PR is like customer service — it’s in your interest to do it right
It’s a ritual I witness at least once every week as I go about lining up guests for the various radio programs that I produce, including “Business Unconventional,” “Monday Morning Radio” and “Radio Chavura.”
A company or organization issues a national news release, hoping to draw attention to itself. The release may be designed primarily to bolster the SEO results attained by the issuer, although I assume that most companies that pay to distribute news releases are still hoping to get free media coverage from mainstream news outlets.
That’s what I offer. Free media coverage in a quality broadcast news program with a dedicated and growing audience.
I never went to PR school, but I’d think that those who bother to issue such releases would be thrilled to hear from a mainstream journalist pursuing a real, positive article – or in my case, a broadcast interview.
Although I don’t keep formal statistics on the results of my outbound calls, I would guess that roughly 50 percent of the time when a release does catch my attention, the “contact” person listed on the paid news release is not available when I call. That is particularly vexing, since I typically phone on the same day, and often within minutes, of when the news release crosses the public relations newswire.
Perhaps some of these folks can explain their absence (if I could ever actually reach them) and the reasoning for being so generally lackadaisical. If you’re going to issue a national news release on a given day, why not actually be at your desk to respond to media inquiries – if you’re lucky enough to receive some?
I would recommend eating at your desk on any day you also issue a news release and rescheduling outside meetings for a different day. When the phone rings – if the phone rings – answer it, for gosh sakes!
I call (opportunity) – but when no one live answers or promptly returns my message, I knock on the next door.
I do, in fact, regularly leave voice messages explaining that I’m calling in response to “your” news release and would be grateful if someone would get back to me.
Many never do.
Perhaps equally irritating – and irrational from my perspective – are those people who I do reach and seem anything but eager to hear from me.
Let me get this straight. Your company pays good, hard-earned money to try and bait a mainstream journalist to bite on your story. I come along and do just that.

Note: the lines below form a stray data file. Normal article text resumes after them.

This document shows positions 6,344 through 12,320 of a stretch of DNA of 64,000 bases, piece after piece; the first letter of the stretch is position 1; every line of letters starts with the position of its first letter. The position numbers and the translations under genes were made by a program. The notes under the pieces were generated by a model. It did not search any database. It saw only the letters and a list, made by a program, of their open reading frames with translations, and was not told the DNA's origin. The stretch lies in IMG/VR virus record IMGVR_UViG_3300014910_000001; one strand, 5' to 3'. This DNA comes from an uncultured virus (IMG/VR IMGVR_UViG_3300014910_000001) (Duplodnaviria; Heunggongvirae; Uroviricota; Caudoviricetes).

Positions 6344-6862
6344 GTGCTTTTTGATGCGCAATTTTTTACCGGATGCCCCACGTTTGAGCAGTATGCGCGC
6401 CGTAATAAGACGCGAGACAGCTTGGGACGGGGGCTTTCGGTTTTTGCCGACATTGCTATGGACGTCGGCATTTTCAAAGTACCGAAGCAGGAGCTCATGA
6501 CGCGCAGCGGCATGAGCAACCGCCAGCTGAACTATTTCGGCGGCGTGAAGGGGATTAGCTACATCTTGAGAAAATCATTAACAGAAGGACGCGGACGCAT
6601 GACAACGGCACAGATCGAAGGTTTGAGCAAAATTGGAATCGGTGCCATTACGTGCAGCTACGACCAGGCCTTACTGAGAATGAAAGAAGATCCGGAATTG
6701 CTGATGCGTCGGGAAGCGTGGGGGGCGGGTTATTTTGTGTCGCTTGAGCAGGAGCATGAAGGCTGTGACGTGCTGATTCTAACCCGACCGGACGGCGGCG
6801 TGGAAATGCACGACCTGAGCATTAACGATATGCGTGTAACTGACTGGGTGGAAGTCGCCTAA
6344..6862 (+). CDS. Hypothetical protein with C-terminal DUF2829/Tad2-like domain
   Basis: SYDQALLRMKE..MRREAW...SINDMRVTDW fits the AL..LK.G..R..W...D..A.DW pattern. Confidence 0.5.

Shouldn’t you be a least a tad warm, grateful and accommodating?
Some PR folks are. But many treat my call as an annoyance – often grilling me about the nature of my news programs and then asking me to put what I’ve just said in writing and email it to them.
You knocked at my door. Then, when I answer and invite you in, you want to turn the tables on me and have me sell myself to you?
I probably sound whinny. Which is a shame because that isn’t my intent. I never mind explaining who I am and what I do – especially to a friendly company representative who doesn’t know me or my radio stations (I produce for more than one outlet.)
But really, I’m like most journalists, I simply don’t have time to put everything “in writing” – especially after I’ve just explained it in detail by phone.
Typically, I simply move on. I know – and this is the ace up my sleeve – that there are far more companies who would be delighted to receive the kind of free, third-party, credible exposure that I provide than there are news organizations and journalists breaking down the door of those companies and individuals who resort to news releases to promote themselves.
So here’s my advice. The next time you issue a release, stick around to answer the phone – should it actually ring. And be nice. It’s okay to ask questions, but nix the suspicious tone. And please, please, try to remember. You’re the seller. We are the customers. Treat your customers exceptionally well and we’ll be loyal.
Treat us poorly and there are plenty of other venues where we journalists can browse for our news and features.